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To be placed atop a shot of a woman's shoulder and neckline, with a scarf:

"Her eyes are a little too alive," he said in an overly stealthy voice. I tried to warn him, but it was too late. "You're being too quiet," I told him. "You're drawing attention to yourself." He wouldn't listen. "I'm right, though, aren't I?" he intoned. It was barely above a whisper. He was right--I had to change the subject. "That's not the point," I breathed. "You're too--"

I could hardly hear myself. I had fallen into his beguiling attempt at fading into the woodwork, and now we both stood out more than if we had been shouting. I could feel their eyes on us. No one knew what we had been talking about, they only knew we didn't wish to be heard. Most of all, I could feel her eyes, glistening with something I knew not. 'Too alive.' I knew that.


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-Calling a person a 'front runner' before votes are counted is just plain wrong.  Calling one a front-runner after some votes are counted is slightly misleading.  The race isn't about who the media thinks is ahead, and it is only indirectly about who gets the most votes.  What really matters is accruing the most delegates.  In the race for a major party's nomination for POTUS, the guy with the most delegates-who-will-actually-vote-for-him-at-their-national-convention is ahead. If no delegates have been awarded, there isn't really a front-runner, no matter what polls might say.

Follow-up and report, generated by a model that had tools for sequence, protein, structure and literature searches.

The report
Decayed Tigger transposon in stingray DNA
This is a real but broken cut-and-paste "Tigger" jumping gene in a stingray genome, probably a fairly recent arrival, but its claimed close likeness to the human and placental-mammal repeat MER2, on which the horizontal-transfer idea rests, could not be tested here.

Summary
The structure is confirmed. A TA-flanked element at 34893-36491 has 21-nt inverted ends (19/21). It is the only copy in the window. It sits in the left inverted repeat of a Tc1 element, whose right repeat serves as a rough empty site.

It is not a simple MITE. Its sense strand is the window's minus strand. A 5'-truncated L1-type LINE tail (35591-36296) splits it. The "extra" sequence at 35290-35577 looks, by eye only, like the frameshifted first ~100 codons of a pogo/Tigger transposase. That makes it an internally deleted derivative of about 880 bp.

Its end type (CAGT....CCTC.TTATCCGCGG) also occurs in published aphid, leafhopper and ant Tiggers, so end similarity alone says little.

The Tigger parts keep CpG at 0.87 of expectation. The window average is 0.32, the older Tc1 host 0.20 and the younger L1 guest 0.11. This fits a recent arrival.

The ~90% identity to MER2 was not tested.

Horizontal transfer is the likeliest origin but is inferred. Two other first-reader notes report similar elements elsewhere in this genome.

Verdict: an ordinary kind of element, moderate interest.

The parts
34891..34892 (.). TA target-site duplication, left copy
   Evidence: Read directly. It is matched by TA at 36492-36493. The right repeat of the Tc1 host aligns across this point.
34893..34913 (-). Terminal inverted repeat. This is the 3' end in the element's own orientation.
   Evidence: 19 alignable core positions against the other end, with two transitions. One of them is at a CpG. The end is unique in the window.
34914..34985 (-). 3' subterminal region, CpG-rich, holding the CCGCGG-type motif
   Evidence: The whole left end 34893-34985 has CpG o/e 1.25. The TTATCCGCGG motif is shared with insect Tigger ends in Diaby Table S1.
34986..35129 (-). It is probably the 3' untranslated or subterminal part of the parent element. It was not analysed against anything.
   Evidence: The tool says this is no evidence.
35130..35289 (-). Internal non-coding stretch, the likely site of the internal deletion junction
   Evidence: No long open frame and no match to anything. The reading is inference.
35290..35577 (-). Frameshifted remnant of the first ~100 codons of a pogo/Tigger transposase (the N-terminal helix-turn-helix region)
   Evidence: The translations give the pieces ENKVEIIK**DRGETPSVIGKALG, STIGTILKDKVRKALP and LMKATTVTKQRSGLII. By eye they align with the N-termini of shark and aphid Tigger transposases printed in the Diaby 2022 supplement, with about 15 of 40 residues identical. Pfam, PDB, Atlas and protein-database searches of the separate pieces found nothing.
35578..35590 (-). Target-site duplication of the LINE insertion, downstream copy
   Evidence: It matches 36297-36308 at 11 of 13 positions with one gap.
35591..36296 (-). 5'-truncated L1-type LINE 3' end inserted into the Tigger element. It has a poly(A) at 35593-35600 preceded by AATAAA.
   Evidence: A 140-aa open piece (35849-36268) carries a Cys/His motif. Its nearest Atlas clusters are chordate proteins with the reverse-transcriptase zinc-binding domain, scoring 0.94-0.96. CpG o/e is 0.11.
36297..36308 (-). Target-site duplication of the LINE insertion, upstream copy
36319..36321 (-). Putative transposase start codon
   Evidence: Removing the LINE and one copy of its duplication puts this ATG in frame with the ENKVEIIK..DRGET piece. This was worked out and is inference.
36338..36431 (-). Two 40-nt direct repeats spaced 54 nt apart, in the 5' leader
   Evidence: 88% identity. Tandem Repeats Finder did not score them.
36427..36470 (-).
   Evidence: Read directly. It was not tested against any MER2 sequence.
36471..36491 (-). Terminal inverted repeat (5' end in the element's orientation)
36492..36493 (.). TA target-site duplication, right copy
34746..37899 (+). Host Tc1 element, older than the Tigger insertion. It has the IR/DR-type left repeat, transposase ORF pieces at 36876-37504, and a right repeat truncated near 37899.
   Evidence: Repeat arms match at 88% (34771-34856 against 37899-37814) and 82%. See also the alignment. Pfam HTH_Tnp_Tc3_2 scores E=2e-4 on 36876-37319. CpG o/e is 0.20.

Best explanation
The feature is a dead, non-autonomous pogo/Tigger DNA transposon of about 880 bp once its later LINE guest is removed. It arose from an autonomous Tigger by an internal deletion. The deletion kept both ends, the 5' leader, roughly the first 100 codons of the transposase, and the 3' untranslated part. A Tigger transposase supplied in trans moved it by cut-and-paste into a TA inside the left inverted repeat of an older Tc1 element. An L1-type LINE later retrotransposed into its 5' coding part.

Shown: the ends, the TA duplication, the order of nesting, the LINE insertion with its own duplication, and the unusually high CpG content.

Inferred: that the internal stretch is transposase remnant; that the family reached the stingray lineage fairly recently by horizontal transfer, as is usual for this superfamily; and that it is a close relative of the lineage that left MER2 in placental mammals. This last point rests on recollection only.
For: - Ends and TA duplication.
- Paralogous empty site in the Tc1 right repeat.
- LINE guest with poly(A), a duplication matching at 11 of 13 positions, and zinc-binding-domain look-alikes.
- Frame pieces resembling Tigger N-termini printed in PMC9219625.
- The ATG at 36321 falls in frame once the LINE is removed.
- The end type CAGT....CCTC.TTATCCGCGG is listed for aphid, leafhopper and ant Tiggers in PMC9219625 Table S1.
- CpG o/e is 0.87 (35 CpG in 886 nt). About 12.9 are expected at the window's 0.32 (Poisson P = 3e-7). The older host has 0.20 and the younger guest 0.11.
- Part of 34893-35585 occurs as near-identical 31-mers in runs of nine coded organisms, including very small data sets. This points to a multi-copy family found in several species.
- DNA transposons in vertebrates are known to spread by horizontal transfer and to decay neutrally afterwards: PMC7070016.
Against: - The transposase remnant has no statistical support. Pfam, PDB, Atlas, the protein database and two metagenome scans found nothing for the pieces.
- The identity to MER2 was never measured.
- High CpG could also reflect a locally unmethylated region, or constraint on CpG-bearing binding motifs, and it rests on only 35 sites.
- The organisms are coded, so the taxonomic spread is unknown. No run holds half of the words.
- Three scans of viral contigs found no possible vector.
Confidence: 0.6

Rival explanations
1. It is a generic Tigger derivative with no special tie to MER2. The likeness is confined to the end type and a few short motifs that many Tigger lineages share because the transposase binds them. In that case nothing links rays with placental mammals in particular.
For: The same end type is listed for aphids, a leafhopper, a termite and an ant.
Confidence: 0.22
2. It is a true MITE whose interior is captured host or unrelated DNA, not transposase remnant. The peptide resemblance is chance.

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Pointless Ruminations on the Absurd

The world around us is in no way required to conform to our expectations, beliefs, or desires. Rather, it is all but guaranteed to disappoint us, at least once or twice a lifetime. The loftier (or more deeply felt) our ideals, the more this may be true.

When we accept this incongruity and are keenly aware of it, but cannot change our thinking, absurdity steps in. The world no longer quite makes sense. It is untethered from rational or moral concerns, adrift in a bizarre joke told by no one.
Desire for normative order is often irrational and misplaced. Placing ethical constraints on amoral matters makes no sense. Yet these appear (sometimes, seemingly) inescapable conclusions. Hence the sensation of absurdity.

We can apply these incongruous demands to anything and anyone. But this is not a universal philosophy. It is a philosophy of the self, a diagnosis.

Well now.

I think I'm going to try to revive my online writing habits, outside of Facebook.

And what have I been thinking or feeling in the interim, across the last couple years or so? Well, I'm glad you asked.

In part, this.